In the Conclusion (203-206) Vlach sums up his reasons for concluding "that supersessionism is not a biblical doctrine" (203). He notes that a strong case for national Israel's salvation and restoration can be made Biblically, as well as a strong counter to supersessionism, and very briefly recaps the book's argument. A single appendix deals with the Biblical teaching concerning the origin of the church, followed by a Bibliography and Indices.

So... what'd I think? I enjoyed the book, learned from it, read it twice, marked it thoroughly, and recommend it. I expect to use it in the future. It's certainly a calm, irenic, well-reasoned book. Vlach's position and rationale is clear, but he is never belittling of his doctrinal opponents, and seems to work hard to present their views in their words. In other words, he doesn't write as I probably would, on this subject.

In fact, a great portion of the book is devoted to tracing and explaining supersessionism — at great length. This makes sense, given the dominance that this position unfortunately came to have for a time (and still has in some circles). Though I'm sure the opposition will complain that they weren't presented fully enough, it will be a hard case to establish.

This very feature made me a bit impatient. I found every bit of Vlach's book informative and helpful, but I was (and remain) still hoping for a more aggressive presentation of a positive case for the Biblical affirmation of God's faithfulness to all of His promises.  Vlach's mode of argument doesn't come across with quite the urgency and insistence that I'd give it. Yet Vlach says a great deal of what I'd say (and a lot more besides), but says it more kindly and gently and ambient-temperaturedly than I would. I don't doubt that, in the long run, that's a good thing, and while a more aggressive book would light up my lights, it would have a narrower appeal and usefulness.

So, I could have wished for more space and depth devoted to developing the Biblical position, along with its history and advocates.

Also, I wish Vlach did more direct work in the text, himself. He tends to quote really excellent sources, and let them make his case. This is useful, but it reads more like something intermediate between a term paper and a book. Few will be quoting Vlach per se, because he in turn devotes a great deal of space to quoting others, and the strongest and most memorable statements trace to Fruchtenbaum, Horner, Saucy, Blaising, Bock, Kaiser, Feinberg, and others.

This is clearly an area of great interest to Vlach. He knows his stuff, he has academic training, and he cares about it. Also, he occupies a (sadly) unique niche in that he affirms both the Biblical teaching concerning the sovereignty of God and the full implications of inerrancy and perspicuity.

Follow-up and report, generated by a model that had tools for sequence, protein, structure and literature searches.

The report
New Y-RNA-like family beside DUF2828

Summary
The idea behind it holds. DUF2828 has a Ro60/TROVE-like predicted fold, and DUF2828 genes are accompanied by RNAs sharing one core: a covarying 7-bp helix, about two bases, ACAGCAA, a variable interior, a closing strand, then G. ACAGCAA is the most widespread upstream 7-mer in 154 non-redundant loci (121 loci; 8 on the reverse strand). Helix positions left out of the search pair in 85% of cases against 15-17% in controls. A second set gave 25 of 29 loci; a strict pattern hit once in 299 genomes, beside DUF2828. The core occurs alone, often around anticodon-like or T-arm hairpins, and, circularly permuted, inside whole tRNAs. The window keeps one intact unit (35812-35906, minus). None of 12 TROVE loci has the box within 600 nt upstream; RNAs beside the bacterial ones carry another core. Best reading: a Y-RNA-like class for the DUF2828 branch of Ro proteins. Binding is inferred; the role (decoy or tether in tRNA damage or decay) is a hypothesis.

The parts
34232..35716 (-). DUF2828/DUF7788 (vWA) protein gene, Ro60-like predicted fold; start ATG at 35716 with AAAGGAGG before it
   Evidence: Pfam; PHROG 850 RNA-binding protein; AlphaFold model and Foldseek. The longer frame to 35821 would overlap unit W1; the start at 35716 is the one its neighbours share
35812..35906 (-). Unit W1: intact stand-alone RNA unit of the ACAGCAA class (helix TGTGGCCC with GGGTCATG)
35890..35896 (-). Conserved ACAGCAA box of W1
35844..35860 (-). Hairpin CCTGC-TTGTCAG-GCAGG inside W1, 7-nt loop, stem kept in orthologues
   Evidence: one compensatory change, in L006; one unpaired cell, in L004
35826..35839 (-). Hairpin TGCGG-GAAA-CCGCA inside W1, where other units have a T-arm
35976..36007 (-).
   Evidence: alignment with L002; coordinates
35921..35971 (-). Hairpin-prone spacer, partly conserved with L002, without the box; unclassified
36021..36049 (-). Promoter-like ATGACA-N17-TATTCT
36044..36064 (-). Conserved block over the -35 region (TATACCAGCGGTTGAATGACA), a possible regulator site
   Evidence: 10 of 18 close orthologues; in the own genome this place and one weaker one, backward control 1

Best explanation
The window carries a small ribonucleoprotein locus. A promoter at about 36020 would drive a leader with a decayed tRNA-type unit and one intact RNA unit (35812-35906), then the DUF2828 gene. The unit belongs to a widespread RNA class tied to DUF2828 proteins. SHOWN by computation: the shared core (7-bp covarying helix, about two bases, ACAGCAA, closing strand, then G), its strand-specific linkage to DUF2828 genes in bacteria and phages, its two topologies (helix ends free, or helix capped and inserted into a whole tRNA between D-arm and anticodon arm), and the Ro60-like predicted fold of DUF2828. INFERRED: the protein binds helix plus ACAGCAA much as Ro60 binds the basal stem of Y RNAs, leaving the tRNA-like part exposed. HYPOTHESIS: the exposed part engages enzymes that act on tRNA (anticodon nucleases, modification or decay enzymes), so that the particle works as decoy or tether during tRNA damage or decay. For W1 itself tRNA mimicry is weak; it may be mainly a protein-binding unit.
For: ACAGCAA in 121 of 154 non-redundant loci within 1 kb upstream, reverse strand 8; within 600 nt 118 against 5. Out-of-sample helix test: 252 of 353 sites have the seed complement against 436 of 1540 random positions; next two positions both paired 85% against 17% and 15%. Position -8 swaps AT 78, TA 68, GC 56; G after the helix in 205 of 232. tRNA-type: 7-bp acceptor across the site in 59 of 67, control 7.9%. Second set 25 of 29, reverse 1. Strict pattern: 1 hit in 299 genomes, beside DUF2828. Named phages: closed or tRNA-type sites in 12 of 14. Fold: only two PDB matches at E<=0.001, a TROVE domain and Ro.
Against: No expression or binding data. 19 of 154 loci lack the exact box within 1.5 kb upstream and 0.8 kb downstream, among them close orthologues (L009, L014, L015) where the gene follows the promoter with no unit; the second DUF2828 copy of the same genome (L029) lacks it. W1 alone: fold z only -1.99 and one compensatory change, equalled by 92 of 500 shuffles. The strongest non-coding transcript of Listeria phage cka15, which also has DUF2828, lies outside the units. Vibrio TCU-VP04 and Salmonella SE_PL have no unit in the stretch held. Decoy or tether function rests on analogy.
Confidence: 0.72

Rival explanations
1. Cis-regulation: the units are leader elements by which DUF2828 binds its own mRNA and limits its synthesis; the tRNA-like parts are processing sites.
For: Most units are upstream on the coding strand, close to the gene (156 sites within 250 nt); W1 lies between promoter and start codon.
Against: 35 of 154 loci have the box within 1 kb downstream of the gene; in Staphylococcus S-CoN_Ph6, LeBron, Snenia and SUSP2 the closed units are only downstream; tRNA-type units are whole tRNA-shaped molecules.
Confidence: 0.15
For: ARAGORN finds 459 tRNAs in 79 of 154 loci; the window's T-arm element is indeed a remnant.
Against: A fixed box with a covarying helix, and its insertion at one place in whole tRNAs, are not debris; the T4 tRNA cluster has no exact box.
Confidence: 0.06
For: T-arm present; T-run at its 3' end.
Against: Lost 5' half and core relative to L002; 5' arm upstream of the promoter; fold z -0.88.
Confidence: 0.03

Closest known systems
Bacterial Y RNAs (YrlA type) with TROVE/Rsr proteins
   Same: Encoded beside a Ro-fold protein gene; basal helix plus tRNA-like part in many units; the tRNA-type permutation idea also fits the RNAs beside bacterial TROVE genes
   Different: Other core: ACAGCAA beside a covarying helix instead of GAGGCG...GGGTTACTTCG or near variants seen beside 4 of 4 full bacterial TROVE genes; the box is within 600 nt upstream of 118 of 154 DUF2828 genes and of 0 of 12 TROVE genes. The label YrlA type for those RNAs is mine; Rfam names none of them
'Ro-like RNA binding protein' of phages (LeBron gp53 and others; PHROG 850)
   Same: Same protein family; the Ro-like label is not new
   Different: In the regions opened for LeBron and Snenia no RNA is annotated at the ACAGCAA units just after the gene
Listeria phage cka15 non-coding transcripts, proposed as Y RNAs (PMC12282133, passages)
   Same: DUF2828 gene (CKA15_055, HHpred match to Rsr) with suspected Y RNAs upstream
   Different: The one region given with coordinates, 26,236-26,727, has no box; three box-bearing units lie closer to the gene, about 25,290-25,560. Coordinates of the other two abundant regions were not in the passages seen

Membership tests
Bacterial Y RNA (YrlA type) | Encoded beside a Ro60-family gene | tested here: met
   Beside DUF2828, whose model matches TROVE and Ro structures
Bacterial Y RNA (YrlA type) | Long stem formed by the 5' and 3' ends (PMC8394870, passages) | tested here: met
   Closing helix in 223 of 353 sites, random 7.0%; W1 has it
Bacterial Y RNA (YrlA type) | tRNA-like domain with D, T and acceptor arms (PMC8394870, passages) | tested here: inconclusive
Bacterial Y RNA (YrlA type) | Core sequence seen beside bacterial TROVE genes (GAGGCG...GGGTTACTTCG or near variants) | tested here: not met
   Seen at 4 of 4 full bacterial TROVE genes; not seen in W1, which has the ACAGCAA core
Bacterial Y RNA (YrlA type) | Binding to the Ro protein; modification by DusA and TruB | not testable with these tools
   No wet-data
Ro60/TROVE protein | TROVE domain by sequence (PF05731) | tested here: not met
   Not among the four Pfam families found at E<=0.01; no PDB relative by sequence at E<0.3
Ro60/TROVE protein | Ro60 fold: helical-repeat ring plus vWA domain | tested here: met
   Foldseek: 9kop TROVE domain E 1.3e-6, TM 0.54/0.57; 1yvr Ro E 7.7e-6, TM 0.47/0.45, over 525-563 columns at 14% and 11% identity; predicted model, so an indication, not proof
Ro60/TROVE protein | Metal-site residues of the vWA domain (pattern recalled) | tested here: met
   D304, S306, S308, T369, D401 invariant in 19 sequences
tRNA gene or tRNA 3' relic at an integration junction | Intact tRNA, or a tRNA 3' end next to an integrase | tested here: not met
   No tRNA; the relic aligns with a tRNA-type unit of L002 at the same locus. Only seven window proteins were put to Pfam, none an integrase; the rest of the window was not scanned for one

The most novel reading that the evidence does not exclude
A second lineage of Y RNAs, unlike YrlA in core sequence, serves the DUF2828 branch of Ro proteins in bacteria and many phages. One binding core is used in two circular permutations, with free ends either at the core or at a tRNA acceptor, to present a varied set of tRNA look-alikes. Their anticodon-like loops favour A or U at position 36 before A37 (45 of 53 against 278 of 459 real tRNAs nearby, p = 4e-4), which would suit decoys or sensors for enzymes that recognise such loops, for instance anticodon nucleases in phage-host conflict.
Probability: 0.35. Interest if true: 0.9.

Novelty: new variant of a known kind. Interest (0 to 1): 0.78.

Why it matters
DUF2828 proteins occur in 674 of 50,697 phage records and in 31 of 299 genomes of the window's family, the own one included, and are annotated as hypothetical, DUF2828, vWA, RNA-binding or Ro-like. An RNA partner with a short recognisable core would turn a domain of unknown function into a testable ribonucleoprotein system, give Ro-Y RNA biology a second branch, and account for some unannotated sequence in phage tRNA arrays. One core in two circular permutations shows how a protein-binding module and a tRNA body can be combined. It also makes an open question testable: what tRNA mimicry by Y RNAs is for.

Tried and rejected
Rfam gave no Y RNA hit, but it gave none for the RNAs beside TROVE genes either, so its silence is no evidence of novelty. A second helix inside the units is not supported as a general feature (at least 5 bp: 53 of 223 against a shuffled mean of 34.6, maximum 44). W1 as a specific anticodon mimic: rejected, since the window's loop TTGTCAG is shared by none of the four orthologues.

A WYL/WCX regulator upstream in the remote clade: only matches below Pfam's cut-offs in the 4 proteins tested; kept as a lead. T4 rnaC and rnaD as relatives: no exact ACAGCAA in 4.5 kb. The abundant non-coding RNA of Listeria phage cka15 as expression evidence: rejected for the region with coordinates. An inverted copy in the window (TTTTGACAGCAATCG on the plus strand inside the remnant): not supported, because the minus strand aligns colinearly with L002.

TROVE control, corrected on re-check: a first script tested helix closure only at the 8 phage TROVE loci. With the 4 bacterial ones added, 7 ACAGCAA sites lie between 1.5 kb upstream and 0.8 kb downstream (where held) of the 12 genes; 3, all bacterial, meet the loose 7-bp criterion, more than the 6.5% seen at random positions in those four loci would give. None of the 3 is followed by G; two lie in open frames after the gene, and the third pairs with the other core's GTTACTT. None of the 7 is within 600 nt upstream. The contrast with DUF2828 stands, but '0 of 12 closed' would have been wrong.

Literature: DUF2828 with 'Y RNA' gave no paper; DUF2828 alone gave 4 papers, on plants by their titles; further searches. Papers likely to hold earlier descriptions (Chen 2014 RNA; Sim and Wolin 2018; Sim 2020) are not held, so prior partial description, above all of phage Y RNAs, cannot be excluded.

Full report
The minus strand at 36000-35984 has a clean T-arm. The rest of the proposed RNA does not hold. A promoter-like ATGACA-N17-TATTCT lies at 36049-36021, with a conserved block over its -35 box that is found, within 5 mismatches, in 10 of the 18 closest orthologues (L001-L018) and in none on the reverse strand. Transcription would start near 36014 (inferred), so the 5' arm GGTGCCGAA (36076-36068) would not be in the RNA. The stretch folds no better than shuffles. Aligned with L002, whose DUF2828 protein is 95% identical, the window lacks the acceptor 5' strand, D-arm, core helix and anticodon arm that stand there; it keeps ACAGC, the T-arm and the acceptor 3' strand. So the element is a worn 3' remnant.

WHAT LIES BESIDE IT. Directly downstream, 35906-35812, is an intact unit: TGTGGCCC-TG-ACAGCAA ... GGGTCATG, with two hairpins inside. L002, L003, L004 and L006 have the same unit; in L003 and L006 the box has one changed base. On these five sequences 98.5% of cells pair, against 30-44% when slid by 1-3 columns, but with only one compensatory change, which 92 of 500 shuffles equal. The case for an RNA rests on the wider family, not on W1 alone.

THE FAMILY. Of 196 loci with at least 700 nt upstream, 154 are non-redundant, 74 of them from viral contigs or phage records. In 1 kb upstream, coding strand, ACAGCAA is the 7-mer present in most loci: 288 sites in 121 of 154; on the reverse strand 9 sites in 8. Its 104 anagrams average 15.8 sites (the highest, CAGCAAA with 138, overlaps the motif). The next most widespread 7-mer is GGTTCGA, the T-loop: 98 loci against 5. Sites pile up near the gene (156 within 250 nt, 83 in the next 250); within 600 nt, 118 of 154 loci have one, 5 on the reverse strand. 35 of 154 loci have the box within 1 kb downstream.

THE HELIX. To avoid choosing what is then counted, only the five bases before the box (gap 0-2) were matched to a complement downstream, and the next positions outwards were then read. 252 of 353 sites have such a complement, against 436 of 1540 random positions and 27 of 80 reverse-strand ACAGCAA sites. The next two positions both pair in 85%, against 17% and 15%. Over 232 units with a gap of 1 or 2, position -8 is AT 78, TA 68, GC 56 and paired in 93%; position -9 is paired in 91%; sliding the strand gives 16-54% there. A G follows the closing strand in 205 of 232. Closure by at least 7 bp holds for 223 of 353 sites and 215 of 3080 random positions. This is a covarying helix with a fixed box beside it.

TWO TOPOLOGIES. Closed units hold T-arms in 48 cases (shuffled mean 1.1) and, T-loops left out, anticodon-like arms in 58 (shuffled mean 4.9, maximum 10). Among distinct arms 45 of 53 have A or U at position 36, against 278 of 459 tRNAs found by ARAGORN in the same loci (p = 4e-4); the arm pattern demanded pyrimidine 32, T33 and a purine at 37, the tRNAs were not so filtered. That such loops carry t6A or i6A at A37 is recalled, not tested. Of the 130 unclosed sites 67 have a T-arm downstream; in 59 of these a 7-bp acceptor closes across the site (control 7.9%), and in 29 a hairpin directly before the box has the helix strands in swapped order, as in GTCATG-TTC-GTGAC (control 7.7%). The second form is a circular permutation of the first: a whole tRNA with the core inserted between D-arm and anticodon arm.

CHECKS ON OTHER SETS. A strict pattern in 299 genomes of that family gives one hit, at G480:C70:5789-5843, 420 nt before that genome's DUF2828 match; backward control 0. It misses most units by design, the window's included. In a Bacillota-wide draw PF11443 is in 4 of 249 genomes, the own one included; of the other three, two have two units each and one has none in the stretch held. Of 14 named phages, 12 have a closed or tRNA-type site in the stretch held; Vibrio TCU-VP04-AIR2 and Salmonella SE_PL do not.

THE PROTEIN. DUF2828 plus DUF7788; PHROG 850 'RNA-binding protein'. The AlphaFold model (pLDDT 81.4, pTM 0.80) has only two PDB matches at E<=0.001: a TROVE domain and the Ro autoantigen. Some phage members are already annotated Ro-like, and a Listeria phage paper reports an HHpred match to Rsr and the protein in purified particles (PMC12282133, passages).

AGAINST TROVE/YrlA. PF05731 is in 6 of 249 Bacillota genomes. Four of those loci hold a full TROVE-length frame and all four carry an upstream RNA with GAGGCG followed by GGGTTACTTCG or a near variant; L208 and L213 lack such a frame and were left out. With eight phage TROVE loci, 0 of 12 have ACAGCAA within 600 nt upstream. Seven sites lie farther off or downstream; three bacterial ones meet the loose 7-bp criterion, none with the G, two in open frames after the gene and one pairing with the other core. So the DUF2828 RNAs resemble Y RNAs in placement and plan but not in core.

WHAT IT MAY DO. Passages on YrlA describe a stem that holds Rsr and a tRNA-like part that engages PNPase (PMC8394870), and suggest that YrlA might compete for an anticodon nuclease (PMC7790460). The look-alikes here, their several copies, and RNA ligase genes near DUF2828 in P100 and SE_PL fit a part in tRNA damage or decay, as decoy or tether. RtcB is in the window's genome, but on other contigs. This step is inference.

That is, he's a Calvinist and a dispensationalist.

So this makes me hope that Vlach will go on to produce a persuasive, charitably-aggressive work with other scholars more quoted in the footnotes, and the Bible more deeply dealt with by Vlach in the text. When that happens, you'll hear me singing its praises all over.

In sum: I'm still waiting for that book that, with spiritual fervor and academic depth, "makes the robust, positive, aggressive Biblical case that dispensationalism deserves." This isn't it — nor does Vlach aim to make it so. This book is devoted to one question: does the Bible teach that the church has displaced Israel, or does it affirm a spiritual and national future for ethnic Israel? Vlach treats and answers that question helpfully and usefully and, I hope, persuasively.

Leaving my longed-for tour de force still to be written.


GG said...

You're a great writer Dan. You should write the book!

DJP said...

That's very kind of you. I'd love to. But first we have to see if anyone wants to buy my books that are supposed to be coming out next year! That'll have a lot to do with whether to do more.

Then — for this book in particular — there's the issues of time and smarts. I'd need the time to read my brains out, then back in again. That's a problem.

Al said...

Dan, does he address the point of view that Jesus Christ is the New Israel, fulfilling all that Israel was to be, and that those who are united to Him are now part of that People?

The book sounds interesting. I will see what the Kindle version costs.

al sends

DJP said...

Yep, one way or th'chether.

The Squirrel said...